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Publication numberUS3655311 A
Publication typeGrant
Publication dateApr 11, 1972
Filing dateMay 13, 1970
Priority dateMay 13, 1970
Publication numberUS 3655311 A, US 3655311A, US-A-3655311, US3655311 A, US3655311A
InventorsPorter Lawrence Christie
Original AssigneeUpjohn Co
Export CitationBiBTeX, EndNote, RefMan
External Links: USPTO, USPTO Assignment, Espacenet
Apparatus for producing isotropic foamed synthetic resin stock
US 3655311 A
Abstract
This invention relates to the production of cellular synthetic resin stock, and more particularly relates to methods and apparatus for producing foamed synthetic resin stock, especially polyurethane foam, having a substantially rectangular cross section and which is generally isotropic in character.
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Description  (OCR text may contain errors)

atent Boner [4 1 Apr. 11, 197 2 [54] APPARATUS FOR PRODUCING 2,441,235 5/1948 Blair et a1. ..18/4 B ISOTROPIC FOAMED SYNTHETIC 5 212,145 1%; 1327 ghulffman ""184 xx nesoneta... B RESIN STOCK 3,093,232 6/1963 Komylak ....18/4 B [72] Inventor: Lawrence Christie Porter, Palos Verdes 3,123,856 3/ 1964 Dye et a1. ....18/4 B Peninsula, Calif. 3,124,835 3/1964 Celano et a1. ..18/4 B 3,152,361 10 1964 Edwards. ..18 4 B [731 Assgneel The Kalamam' 3,214,794 11/1965 Otis ....18/5 P [22] Filed: May 13, 1970 3,215,581 11/1965 Carlson et a1... ....l8/5 P 3,276,072 10/1966 Politzer et a1. 1 8/4 B 1211 Appl- 37,421 3,310,616 3/1967 Beary ..18/4 B 3,313,010 4/1967 Betz ....18/4 B X Related Appl'cam" Dam 3,319,937 5/1967 Wilson et al 1 8/5 P x [63] Continuation of Ser. No. 579,053, Sept. 13, 1966. 3,325,823 6/1967 Boon ..18/4 B X [52} US. Cl ..425/l15, 264/47, 425/115, Primary Examiner-11. A. Kilby, Jr.

425/817, 425/168, 425/308, 425/166 Att0meyDonald H. Fidler and Edmund F. Bard 51 1111. c1 ..B29d 27/04 [58] Field of Search ..18/4 B, 5 P, 6 E [57] ABSTRACT This invention relates to the production of cellular synthetic [56] References Cited resin stock, and more particularly relates to methods and ap- UNITED STATES PATENTS paratus for producing foamed synthetic resin stock, especially polyurethane foam, having a substantially rectangular cross 3,067,456 12/ 1962 l-limmelheber et al 18/4 B Section and which is generally isotropic in character. 1,949,175 2/1934 Netzel 18/6 E 2,176,945 10/1939 Roberts 1 8/6 E 12 Claims, 11 Drawing Figures CATAL KIT N0. 2 0.9/3 FARE M/X/NG NOZZLE AND JPOUI' APPARATUS FOR PRODUCING ISOTROPIC FOAMED SYNTHETIC RESIN STOCK This application is a streamlined continuation of application, Ser. No. 579,053,f1led Sept. 13, 1966.

It is well known to produce urethane foam stock by combining a suitable polyhydroxyl compound, a blowing agent such as freon, and a polyisocyanate, to produce a foam which solidifies into a cellular material. It is also well known to at least partially confine such foam, during its hardening process, to produce stock (hereinafter referred to as bun) which is thereafter cut into smaller pieces or billets for sale to fabricators.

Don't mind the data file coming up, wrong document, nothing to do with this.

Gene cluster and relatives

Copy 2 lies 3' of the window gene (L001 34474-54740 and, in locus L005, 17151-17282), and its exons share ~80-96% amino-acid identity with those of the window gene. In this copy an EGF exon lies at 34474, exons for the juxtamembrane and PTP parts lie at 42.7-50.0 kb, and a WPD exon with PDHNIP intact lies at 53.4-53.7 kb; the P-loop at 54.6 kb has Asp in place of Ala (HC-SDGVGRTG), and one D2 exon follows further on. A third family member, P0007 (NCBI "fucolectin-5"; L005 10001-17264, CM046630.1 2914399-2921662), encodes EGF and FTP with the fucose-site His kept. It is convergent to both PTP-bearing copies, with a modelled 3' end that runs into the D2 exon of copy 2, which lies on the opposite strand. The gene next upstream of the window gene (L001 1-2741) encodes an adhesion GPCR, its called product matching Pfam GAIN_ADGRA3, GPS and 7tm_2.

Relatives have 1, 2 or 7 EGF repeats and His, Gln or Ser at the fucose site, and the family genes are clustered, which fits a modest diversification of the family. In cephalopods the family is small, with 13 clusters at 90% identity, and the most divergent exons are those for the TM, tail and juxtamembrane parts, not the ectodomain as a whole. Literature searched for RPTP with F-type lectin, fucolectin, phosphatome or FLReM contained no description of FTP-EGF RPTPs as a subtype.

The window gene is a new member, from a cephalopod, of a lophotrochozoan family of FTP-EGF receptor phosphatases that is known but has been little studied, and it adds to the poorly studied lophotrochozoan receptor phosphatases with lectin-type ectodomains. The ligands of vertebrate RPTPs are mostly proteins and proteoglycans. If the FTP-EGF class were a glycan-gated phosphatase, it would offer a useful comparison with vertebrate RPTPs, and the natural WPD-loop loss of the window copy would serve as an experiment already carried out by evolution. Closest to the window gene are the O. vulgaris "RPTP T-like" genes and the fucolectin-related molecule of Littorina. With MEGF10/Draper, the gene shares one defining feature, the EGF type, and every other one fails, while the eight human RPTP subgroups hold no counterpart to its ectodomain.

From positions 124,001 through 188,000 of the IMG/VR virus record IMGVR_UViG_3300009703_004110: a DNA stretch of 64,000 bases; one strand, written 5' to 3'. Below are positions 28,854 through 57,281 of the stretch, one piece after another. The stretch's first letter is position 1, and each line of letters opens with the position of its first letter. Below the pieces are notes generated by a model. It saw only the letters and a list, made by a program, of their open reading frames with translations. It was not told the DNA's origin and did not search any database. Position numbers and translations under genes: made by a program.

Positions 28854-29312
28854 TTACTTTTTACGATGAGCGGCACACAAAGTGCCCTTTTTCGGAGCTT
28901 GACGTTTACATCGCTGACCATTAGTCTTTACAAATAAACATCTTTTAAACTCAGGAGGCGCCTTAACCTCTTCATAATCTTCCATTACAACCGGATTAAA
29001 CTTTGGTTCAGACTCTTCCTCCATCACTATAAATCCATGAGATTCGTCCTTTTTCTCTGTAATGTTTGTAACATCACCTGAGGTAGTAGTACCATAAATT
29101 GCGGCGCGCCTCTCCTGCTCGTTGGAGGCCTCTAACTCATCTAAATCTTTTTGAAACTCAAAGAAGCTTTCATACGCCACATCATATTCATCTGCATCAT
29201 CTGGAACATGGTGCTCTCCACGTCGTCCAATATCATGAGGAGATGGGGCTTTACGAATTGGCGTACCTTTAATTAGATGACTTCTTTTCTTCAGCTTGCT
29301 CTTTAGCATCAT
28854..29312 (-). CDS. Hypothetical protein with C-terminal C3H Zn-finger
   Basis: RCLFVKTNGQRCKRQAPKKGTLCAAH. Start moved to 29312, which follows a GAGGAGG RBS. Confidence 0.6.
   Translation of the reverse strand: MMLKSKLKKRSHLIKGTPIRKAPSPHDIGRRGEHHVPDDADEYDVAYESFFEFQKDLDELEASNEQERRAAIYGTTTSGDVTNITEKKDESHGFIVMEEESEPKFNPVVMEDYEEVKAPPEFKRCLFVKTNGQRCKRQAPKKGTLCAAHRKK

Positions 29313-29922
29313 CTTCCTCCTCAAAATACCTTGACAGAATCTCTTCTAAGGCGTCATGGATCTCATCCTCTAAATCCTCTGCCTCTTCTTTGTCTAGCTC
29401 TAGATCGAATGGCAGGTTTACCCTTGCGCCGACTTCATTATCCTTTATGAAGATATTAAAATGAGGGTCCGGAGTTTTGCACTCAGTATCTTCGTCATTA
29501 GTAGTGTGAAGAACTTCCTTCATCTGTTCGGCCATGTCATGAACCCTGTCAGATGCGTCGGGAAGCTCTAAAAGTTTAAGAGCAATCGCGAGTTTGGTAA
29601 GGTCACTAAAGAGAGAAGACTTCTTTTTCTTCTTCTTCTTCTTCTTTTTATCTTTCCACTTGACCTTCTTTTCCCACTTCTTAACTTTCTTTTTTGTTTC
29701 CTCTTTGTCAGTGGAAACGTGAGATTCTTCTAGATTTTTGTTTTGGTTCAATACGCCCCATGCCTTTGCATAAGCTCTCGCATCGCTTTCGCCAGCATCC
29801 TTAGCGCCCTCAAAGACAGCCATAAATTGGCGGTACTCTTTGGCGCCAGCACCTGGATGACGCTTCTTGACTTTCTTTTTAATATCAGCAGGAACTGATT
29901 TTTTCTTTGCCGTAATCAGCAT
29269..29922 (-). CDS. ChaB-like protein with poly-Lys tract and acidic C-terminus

Depending upon the choice of the polyhydroxyl v (hereinafter referred to generally as the resin), the bun can be made either rigid or flexible. The structure of urethane foams, whether rigid or flexible, consists of a network of cells which are preferably of a substantially uniform size and shape. In flexible foams, the cells are open. In rigid foams, however, the cell structure is closed. If the rigid foam material is intended for certain purposes such as thermal insulation, substantially uniform cell structure is greatly desired in order to provide uniform compressive yield strength characteristics which are substantially the same along the X, Y, and Z directional axes along which a force may be applied.

As hereinbefore mentioned, polyurethane foam is produced by the polymerization of the resin and the selected isocyanate. The freon is added to produce the leavening effect which causes the resulting polyurethane mass to rise and to assume the cellular character sought to be obtained. Hence, all polyurethane foam manufacturing techniques generally comprise the steps of disposing the resin, isocyanate and freon mixture, in a restricted or partially restricted enclosure to create a bun having generally preselected cross-sectional dimensions. More particularly, the liquid mixture of resin, isocyanate and freon is preferably poured onto a moving conveyor (such as an endless belt) which carries the mixture into and through a tunnel-like enclosure or mold as it rises and solidifies. In other words, the mixture rises within the tunnel, but the cross-sectional dimensions of the tunnel tend to restrict the bun and give it the cross-sectional shape and dimension sought to be obtained, as well as to apply a preselected pressure to the foam to control the shape of the cells and the homogeneity of the foam.